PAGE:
Jameel Big Time McCline, one of the better and more entertaining American heavyweight boxers in recent years, now is running for Congress. McCline is challenging longtime U.S. Rep. Alcee Hastings, D-Fla., in the Democratic primary.
Sunshine State News spoke to McCline Monday and he confirmed he will run against Hastings, first elected to Congress in 1992. The former heavyweight title contender paid the fee to make the ballot instead of gathering petitions.
I want to be part of bringing change in the 20th District, McCline told Sunshine State News, pointing to his charitable efforts in the area. I think I can do better on a legislative level.
McCline, 44, is pledging to run for Congress to give Floridians a fighting chance. Back in 2013, he showed his support for President Barack Obamas call for a higher minimum wage and expressed disappointment that Chuck Hagel garnered opposition when he was nominated to be defense secretary, despite being a former member of the U.S. Senate and a Republican.
Asked if he still supports raising the minimum wage, McCline said he fully backs Obamas call to raise the minimum wage to $10.10 an hour. A lot of people say this will cause businesses to fire people, but I highly doubt it, he said. Employers will find a way to make it work.
I dont believe the rhetoric from Republicans in Washington that raising the minimum wage to $10,10 will cause an increase in unemployment, McCline added.
Originally from New York, McCline started boxing late, after he was arrested when he was 18 for gun running. He spent five years in prison. Turning a new leaf when he was released, McCline, who stands 6-foot-6, turned to boxing. Looking back at his incarceration, McCline said it changed him for the better and he will make his renaissance part of his campaign.
America has given me so many opportunities, McCline told Sunshine State News, chief among them being a second chance. The theme of his campaign will be Thank You, America.
McCline said the focus of his campaign will be on jobs, education and helping the middle class. Our children are suffering, the elderly are suffering, McCline said. Most of all, the hard-working middle class is suffering.
Debuting in 1995, McCline started off slowly with a record of two wins, two losses and a draw. But he went undefeated in his next 28 fights, winning 26 of them and having two draws, beating the likes of contenders Michael Grant and Lance Whitaker, former cruiserweight champ Alfred Ice Cole and once-and-future heavyweight champ Shannon Briggs.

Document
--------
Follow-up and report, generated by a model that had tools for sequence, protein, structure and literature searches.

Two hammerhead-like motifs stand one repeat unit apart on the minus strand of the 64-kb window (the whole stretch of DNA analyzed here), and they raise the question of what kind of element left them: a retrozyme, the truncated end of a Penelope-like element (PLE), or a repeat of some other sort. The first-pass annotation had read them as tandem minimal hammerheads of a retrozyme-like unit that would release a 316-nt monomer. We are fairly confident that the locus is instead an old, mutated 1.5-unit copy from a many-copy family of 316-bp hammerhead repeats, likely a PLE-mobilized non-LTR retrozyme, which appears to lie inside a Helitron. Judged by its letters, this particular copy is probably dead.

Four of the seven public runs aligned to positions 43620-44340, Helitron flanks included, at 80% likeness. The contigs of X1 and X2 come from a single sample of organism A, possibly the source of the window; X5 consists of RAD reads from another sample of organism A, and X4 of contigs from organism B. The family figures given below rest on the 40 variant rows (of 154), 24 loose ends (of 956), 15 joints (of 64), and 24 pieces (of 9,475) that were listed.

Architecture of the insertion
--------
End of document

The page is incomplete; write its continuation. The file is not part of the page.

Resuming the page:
McCline challenged Wladimir Klitschko for the World Boxing Organization (WBO) heavyweight title but came up short. After reeling off three straight wins, McCline challenged International Boxing Federation (IBF) heavyweight champion Chris Byrd who, despite being knocked down in the second round, won a controversial split decision that many observers thought the challenger won. Despite winning the World Boxing Councils (WBC) Continental American and the North American Boxing Organizations (NABO) heavyweight titles, McCline had little luck in his two other bids for world heavyweight titles, losing to Nikolai Valuev and Samuel Peter. Losing his last two fights in 2012, McCline retired with a record of 41 wins, 24 of those by knockout, 13 losses and three draws. During his career, McCline built a reputation as a fighter who had no problem going into his opponent's back yard, fighting in Germany, Poland and across Europe.
Besides McCline, Hastings will face Palm Beach County Port Commissioner Jean Enright in the Democratic primary. Republicans Jay Bonner, who has already made the ballot, and Gary Stein are currently battling for their partys nomination in this heavily Democratic district.
McCline is not the only prominent boxer currently active in Florida politics. The legendary Roy Jones Jr., who won titles in multiple weight divisions, has expressed interest in running for mayor of his hometown of Pensacola.
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